Dietary Supplement Contract Manufacturing in a Time of Trump

Jan 12, 2017

In the aftermath of the most contentious presidential contest in modern American history, our divided nation can at least agree on this: Elections have consequences. And if even half of what was said during the campaign vis-à-vis global trade comes to pass, the election of Donald J. Trump to the office of United States president will usher in some unintended consequences, as well.

For despite still being president-elect at the time this article was written, Trump has made abundantly clear—in tweet and in deed—that he intends to revive American manufacturing by closing the gates on those who’d gladly ship operations overseas, and by calling home those who already have. Within weeks of the vote, Trump was busy convincing (some would say strong-arming) the Carrier air-conditioner company to nix its “job-killing” move to Mexico in exchange for some $7 million in tax incentives—proving what the president-elect promised all along: He means business. Even more recently, in January, came reports that Ford had ditched plans to open an auto-manufacturing plant in Mexico following criticism the company received from Trump.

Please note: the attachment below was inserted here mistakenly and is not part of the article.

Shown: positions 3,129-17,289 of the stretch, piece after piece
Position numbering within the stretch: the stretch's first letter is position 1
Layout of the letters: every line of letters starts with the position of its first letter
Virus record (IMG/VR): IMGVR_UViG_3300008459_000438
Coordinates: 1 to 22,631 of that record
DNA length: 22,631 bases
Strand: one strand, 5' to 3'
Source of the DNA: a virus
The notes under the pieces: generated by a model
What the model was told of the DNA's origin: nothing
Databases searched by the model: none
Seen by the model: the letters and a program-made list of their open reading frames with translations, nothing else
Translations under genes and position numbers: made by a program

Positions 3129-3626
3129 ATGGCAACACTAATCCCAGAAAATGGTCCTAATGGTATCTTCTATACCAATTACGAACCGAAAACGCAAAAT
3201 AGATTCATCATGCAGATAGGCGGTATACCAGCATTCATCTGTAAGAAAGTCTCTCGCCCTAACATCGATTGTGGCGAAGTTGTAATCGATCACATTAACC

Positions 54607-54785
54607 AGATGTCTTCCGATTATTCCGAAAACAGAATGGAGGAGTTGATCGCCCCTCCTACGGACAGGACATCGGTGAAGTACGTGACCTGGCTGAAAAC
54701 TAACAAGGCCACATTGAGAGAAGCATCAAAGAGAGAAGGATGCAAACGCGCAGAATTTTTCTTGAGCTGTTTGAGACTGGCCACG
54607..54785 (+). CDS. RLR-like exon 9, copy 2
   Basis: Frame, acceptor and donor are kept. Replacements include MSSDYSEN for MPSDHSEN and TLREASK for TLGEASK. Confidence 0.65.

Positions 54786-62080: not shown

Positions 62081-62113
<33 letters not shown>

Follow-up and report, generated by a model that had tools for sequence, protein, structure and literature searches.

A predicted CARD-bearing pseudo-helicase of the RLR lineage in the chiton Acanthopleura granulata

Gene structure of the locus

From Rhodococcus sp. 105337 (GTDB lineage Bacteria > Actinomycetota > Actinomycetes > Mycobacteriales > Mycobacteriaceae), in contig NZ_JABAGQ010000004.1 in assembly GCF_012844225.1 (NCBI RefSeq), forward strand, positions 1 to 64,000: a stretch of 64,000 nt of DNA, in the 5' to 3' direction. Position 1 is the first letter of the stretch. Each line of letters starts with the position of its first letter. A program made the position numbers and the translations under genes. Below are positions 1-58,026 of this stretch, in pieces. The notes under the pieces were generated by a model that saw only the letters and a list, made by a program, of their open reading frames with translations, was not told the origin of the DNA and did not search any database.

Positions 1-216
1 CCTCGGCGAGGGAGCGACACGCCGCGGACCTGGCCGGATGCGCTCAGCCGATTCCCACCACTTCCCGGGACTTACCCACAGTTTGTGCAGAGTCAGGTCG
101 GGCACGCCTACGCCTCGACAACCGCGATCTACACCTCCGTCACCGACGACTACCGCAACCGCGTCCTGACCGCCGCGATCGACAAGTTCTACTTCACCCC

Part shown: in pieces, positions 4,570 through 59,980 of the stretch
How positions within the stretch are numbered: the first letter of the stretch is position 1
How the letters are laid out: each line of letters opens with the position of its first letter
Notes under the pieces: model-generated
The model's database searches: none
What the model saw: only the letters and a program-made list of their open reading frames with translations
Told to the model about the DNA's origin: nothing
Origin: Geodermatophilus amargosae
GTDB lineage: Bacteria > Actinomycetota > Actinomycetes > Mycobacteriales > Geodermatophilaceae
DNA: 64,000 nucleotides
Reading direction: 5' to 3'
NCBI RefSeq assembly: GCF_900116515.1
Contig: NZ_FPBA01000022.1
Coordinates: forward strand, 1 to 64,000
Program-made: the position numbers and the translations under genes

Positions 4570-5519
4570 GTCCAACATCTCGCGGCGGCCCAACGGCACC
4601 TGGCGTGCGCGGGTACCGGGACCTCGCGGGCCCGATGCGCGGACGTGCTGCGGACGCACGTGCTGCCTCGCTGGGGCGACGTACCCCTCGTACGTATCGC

But for those in the business of making dietary supplements—and who’ve enjoyed the fruits of offshore production no less than any other industry—the Carrier and Ford events raise concerns. Will they herald a coming trade war? A fracturing of international supply lines? An era of manufacturing policy conducted via PR stunt? For now, says Marc S. Ullman, of counsel, Rivkin Radler (Uniondale, NY), “We know nothing.” The only certainty is that manufacturing, both at home and abroad, is in for a change. “Even without any specific focus on the supplement industry,” Ullman says, “actions by the administration on a global basis could have great impact on the sector.” We just have to wait to find out how.


Reading the Tea Leaves

Stuck squirming in this state of policy purgatory, industry members have taken to consulting everything from tea leaves (imported, probably) to Magic 8 Balls for clarity. But as Eugene Ung, executive vice president, Best Formulations (City of Industry, CA), concedes, “At this point, there are more unknowns than knowns.”

Whether you blame the founders for giving us the presidential transition period by design or the Trump team for running the cabinet-selection process like a beauty pageant, “There’s a lot of speculation as to what all this means for FDA, for the Federal Trade Commission, for what Congress will address first and for how that will affect the dietary supplement industry,” says Mike Greene, vice president, government relations, Council for Responsible Nutrition (CRN; Washington, DC).